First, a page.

In presenting this new clause, I know hon. Members—hopefully those on both sides of the Chamber—will have evidence of examples in their constituencies. I urge the Minister and the Department to accept this quite simple new clause, which would ensure that within a year, a review is done of this toxic situation with the insurance industry. Is it profiteering? I do not know; that is why we need the review. The review will also look at the problem of professional indemnity insurance, which I suggest is more important than ever if we look at the plethora of new professionals that we will create in this landscape.

Photo of Christopher Pincher Christopher Pincher Minister of State (Department for Levelling Up, Housing and Communities)

I am grateful to the hon. Gentleman for again raising this important matter. I appreciate the issue that the new clause seeks to tackle: the challenge of freeholders and leaseholders of some residential buildings, in particular those that need remediation, who are struggling to obtain affordable buildings insurance; and the challenge faced by some construction professionals —the fire-safety professionals in particular—in obtaining affordable professional indemnity insurance.

As the hon. Gentleman said, engaging with the insurance sector and other relevant stakeholders—which the Government are doing on an ongoing basis—is vital to understanding the effects of building safety issues on insurance provision. We want—he has heard me say it before, and in no way do I apologise for saying it again— insurers to take a more proportionate approach in terms of the availability and cost of insurance, just as much as we want lenders to take a more proportionate approach with respect to mortgage lending.

The intention of the hon. Gentleman’s new clause—to improve access to affordable residential professional indemnity insurance—we believe should be met by other provisions in the Bill. Efforts to remediate existing buildings, as he knows, are supported by the building safety fund and other measures that we will bring forward shortly. A combination of those measures and this Bill ought to ensure that buildings are safer. Therefore, both professionals and residents should be able to access more affordable insurance. He will also know that Lord Greenhalgh and others have worked closely with the insurance sector to ensure that appropriate professional indemnity insurance in extremis is available to professionals so that they may carry out their duties.

Photo of Mike Amesbury Mike Amesbury Shadow Minister (Housing, Communities and Local Government)

The evidence is crystal clear. Despite interventions by Lord Greenhalgh—just mentioned—premiums are still going up, regardless of whether a building is 11 to 18 metres or 18 metres-plus, which is in scope. Again, I urge the Government to accept the new clause and to add the amendment to the Bill.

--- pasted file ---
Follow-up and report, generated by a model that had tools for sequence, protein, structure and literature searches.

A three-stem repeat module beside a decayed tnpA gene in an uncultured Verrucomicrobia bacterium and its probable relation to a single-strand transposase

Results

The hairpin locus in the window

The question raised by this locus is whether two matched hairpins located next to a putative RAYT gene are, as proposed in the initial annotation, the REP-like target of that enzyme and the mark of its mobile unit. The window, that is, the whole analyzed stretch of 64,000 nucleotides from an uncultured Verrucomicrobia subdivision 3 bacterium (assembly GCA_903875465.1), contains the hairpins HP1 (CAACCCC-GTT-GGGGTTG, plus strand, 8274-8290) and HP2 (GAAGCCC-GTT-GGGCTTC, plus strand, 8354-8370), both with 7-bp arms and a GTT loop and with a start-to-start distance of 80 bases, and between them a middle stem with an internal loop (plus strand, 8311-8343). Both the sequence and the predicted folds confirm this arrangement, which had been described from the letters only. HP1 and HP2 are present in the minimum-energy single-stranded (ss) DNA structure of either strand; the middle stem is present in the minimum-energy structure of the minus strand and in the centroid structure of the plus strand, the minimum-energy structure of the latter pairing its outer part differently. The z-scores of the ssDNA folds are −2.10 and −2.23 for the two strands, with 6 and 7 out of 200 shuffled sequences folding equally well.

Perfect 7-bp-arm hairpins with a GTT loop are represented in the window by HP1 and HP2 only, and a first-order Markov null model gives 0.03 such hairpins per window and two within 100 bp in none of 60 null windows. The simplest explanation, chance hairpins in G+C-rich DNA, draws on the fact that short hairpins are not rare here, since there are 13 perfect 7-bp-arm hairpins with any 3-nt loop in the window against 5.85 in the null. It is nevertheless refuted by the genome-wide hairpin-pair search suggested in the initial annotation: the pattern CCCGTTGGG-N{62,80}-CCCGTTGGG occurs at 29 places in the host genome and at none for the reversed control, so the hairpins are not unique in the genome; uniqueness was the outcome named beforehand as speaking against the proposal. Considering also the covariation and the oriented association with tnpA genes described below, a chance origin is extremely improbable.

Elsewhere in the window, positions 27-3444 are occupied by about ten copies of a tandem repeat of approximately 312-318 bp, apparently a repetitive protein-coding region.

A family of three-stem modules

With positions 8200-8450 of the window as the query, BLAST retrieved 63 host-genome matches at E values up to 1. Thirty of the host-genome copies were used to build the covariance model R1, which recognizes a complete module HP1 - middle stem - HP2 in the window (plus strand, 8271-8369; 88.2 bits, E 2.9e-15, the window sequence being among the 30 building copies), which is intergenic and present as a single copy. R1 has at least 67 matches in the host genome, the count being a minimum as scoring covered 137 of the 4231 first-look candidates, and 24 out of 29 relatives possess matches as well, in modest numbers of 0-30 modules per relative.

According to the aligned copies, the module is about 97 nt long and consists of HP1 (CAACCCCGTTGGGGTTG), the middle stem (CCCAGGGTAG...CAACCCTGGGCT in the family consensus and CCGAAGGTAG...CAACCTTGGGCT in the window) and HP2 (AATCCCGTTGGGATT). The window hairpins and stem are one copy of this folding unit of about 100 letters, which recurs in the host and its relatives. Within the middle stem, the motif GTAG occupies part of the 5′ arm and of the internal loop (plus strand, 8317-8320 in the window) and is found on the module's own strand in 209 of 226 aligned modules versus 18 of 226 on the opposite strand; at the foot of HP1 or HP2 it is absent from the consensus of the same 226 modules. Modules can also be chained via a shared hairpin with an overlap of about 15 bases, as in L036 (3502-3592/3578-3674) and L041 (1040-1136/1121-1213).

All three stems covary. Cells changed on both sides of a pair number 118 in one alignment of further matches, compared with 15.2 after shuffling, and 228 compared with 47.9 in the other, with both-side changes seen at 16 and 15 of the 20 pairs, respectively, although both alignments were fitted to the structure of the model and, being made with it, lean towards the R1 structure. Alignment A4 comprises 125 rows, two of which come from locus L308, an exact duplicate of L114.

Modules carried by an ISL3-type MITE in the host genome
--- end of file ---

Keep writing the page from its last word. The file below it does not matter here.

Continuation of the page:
Photo of Christopher Pincher Christopher Pincher Minister of State (Department for Levelling Up, Housing and Communities)

I understand where the hon. Gentleman is coming from, but I was going to say that the Government have of course spent £700,000 to ensure that more fire risk assessors are available to undertake risk assessments to evaluate the challenges to building safety, thereby also contributing to a more proportionate risk and lending regime.

The hon. Gentleman said that this was straightforward. On one level it is, but on another it is not, by which I mean that is hard to disentangle the effect of building safety issues on the availability and cost of insurance from other issues and where other market trends apply. For example, heavy rains or flooding can also have an effect on market trends, lending, and risk assurance availability and its price.

In conclusion—this is important—following Royal Assent to the Bill, and indeed before it, we will continue to monitor closely the provision of insurance and we will work with stakeholders, including freeholders and leaseholders, to encourage a much more proportionate approach for insuring, for pricing insurance, and for ensuring and delivering its availability.

Photo of Mike Amesbury Mike Amesbury Shadow Minister (Housing, Communities and Local Government)

I thank the Minister for giving way again. He is generous with his time. To help focus minds in the insurance sector, will the Government consider a referral to the Competition and Markets Authority? For the life of me, I cannot understand how, when risks are reduced in some buildings up and down the country, we are seeing this pattern emerge of increases of 1,000%—

The Chair adjourned the Committee without Question put (Standing Order No. 88).

Adjourned till this day at Two o’clock.